|Publication number||US4374189 A|
|Application number||US 06/230,187|
|Publication date||Feb 15, 1983|
|Filing date||Feb 2, 1981|
|Priority date||Dec 17, 1979|
|Publication number||06230187, 230187, US 4374189 A, US 4374189A, US-A-4374189, US4374189 A, US4374189A|
|Inventors||Carl A. Heller, Warren J. Murbach|
|Original Assignee||The United States Of America As Represented By The Secretary Of The Navy|
|Export Citation||BiBTeX, EndNote, RefMan|
|Patent Citations (9), Referenced by (3), Classifications (13), Legal Events (4)|
|External Links: USPTO, USPTO Assignment, Espacenet|
This is a continuation-in-part of application Ser. No. 104,511, filed Dec. 17, 1979, now abandoned.
The infrared seeking missiles currently in use utilize irdomes of germanium and optical elements to correct aberrations introduced by the irdome. The aerodynamic shape of the irdome is limited by the optical considerations. Holographic optical elements can overcome these limitations by correcting aberrations even from aerodynamically improved irdomes.
Holographic optical elements, HOE's, can be used for many purposes including correcting elements behind missile domes, lenses, and gratings. HOE's in the visible are used for gratings and other optical elements. Similar infrared, IR, transparent HOE's are desired but have not been made previously. A phase hologram can be made in polymer film if index of refractions gradients can be formed on a scale comparable to the wavelengths of light.
The advantages of such HOE films over conventional optical elements are reduced weight and cost. Conventional infrared optics require special glass of germanium or magnesium floride which needs to be ground to the proper shape.
The use of polymer material for making holographic optical elements for use in correcting aberrations in aerodynamically improved irdomes has many advantages. Generally, the elements are much less expensive. Moreover, they are lightweight and pliable and are made from readily available polymeric materials as shown in U.S. Pat. Nos. 2,877,500 and 2,904,480. Further, U.S. Pat. No. 3,144,393 illustrates the making of a unique product by a process that shrinks the previously stretched polymeric material. These inventions illustrate the making of a transparent film or sheet that is clear and subsequently converts that into any desired shape or size as desired in supplying the market place. U.S. Pat. No. 4,022,855 further illustrates the state of the art by illustrating a centrifugal holding method for making a plastic lens having a gradient index of refraction.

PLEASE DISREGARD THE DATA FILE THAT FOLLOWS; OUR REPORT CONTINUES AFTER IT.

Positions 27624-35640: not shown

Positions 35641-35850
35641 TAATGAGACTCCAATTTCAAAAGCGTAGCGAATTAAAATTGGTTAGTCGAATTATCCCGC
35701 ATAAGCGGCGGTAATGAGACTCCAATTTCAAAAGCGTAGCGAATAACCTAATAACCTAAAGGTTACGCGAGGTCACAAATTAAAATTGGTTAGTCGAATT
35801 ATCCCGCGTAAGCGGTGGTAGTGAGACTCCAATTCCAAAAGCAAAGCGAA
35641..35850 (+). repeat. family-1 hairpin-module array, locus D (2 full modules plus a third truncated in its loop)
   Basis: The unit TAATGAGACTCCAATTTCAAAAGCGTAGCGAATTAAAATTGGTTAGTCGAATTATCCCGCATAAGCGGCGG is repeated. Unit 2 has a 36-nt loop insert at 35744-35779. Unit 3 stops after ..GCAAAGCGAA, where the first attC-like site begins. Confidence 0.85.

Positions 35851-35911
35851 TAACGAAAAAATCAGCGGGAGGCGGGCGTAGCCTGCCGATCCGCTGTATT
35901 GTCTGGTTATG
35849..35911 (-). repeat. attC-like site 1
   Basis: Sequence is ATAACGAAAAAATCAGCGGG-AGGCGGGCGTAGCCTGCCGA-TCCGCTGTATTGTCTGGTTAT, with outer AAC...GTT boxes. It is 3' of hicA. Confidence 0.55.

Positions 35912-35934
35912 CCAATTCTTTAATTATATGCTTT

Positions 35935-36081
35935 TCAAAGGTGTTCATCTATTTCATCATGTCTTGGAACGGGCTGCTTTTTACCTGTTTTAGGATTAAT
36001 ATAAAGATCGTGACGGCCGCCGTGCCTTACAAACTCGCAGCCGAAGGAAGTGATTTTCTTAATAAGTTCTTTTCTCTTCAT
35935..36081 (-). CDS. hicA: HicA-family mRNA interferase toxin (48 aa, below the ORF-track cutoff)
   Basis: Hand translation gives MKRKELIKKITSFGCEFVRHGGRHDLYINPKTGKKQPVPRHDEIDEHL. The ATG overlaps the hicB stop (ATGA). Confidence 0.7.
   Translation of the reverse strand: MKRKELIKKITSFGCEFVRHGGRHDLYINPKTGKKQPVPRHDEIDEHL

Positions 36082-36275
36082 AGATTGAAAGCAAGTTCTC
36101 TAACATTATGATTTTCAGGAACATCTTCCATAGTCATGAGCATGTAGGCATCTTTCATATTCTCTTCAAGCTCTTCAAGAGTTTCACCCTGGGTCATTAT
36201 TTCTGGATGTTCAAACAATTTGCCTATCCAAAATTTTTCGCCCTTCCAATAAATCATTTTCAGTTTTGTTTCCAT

The present invention comprises a holographic optical article of manufacture and a process for making it. The holographic optical article operates in the infrared region of the electromagnetic spectrum and is comprised of a polymeric material which is transparent in all or part of the infrared region and which is photochemically modified to change its index of refraction on a microscopic scale. The process for fabricating a holographic optical article of manufacture which operates in the infrared region of the electromagnetic spectrum comprises exposing the polymeric film to an ultra-violet light pattern in the presence of another chemical which can react to form a compound with a different index of refraction. If exposed in a vacuum, the photochemical reaction would consist of self-reaction or cross linking of the polymer.
The object of the invention is to produce IR transparent films and processes which can be photochemically changed into a phase hologram. These holograms, by using the correct pattern of the processing light, can be gratings, lenses or other optical elements.